Windows 10 Insider Preview 17083 puts fonts first

Windows Insiders on the Fast ring are getting a sneek peak at some features destined for the next big Windows Update in Build 17083. The highlights include a heavily revised font preview applet, the ability to look at the data the operating system is beaming back to the mothership in Redmond, and other improvements. The release will also offer an option to correct one of my personal pet peeves with Windows 10: disappearing scroll bars.

The new font preview applet can show off the capabilities of newer typefaces, including color fonts and variable fonts. The "quick brown fox" preview string has been joined by a number of other phrases curated to display a wide variety of characters, and users can input a custom string of their own. Web developers should delight in the addition of a font dialog page that allows them to tweak the various parameters of OpenType Variable fonts. New fonts are available in the Windows Store starting with Insider Build 17083, too.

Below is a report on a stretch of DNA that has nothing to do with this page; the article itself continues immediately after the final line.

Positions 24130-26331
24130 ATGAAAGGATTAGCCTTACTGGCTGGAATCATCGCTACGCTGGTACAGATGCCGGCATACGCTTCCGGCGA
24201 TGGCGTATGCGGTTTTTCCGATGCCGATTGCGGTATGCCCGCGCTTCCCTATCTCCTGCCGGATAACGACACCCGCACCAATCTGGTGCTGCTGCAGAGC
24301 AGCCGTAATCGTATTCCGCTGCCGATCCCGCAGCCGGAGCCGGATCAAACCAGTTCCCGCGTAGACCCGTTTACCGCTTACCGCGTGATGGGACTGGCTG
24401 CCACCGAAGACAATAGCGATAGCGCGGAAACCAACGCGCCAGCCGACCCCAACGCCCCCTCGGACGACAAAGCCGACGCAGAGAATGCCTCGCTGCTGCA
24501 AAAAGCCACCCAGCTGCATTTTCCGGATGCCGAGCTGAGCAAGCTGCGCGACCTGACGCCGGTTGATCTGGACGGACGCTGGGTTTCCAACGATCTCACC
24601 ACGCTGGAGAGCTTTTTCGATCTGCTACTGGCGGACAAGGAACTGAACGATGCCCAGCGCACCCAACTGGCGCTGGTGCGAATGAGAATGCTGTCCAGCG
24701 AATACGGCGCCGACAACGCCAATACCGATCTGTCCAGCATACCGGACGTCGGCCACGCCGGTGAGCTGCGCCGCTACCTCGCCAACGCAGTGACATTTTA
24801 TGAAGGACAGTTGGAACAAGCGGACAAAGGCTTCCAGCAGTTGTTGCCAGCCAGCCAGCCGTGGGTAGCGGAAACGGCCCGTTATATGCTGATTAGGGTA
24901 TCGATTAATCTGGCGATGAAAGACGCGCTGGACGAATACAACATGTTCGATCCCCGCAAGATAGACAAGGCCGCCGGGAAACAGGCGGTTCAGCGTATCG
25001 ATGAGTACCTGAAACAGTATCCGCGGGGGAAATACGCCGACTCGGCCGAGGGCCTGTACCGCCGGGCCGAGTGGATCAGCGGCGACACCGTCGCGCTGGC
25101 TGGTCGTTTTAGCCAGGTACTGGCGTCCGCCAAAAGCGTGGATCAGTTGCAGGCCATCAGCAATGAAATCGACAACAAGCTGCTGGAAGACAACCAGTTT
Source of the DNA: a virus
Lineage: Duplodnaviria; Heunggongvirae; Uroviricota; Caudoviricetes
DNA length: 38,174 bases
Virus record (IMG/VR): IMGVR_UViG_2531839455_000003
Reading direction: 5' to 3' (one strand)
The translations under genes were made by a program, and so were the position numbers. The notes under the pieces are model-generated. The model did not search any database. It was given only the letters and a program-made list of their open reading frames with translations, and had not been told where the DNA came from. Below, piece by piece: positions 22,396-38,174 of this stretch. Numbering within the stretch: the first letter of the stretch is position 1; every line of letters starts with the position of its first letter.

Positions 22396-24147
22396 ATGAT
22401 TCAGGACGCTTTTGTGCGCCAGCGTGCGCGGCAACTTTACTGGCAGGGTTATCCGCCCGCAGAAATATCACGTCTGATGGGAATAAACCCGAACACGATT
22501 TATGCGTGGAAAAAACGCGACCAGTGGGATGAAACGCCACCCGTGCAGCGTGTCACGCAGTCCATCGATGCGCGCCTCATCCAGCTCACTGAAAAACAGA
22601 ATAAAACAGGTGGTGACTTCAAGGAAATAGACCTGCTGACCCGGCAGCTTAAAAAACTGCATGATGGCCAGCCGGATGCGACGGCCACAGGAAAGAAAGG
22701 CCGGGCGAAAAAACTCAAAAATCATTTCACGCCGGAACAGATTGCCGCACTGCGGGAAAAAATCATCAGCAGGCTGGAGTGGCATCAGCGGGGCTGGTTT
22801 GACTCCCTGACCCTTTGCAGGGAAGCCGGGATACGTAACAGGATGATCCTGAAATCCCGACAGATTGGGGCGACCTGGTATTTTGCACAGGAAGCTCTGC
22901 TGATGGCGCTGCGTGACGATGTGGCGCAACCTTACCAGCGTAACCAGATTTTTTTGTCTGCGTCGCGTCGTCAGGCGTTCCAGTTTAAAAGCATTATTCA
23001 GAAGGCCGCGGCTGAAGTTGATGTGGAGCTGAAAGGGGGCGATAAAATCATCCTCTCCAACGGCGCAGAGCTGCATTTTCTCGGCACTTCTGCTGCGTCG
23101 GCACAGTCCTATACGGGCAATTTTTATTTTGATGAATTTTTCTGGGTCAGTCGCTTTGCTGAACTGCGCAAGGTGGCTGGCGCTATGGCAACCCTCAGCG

The private and the paranoid will probably think the new diagnostic data changes are the highlight of the new build. The Diagnostic Data Viewer is a new Windows app that gives users the ability to review the data being sent by the operating system back to its creators. The app separates diagnostic data into categories based on the way Microsoft uses the information. Alternatively, users can take advantage of the app's search and filtering abilities to dig into it. Starting in build 17083, non-administrator users can change their own diagnostic data settings, as well.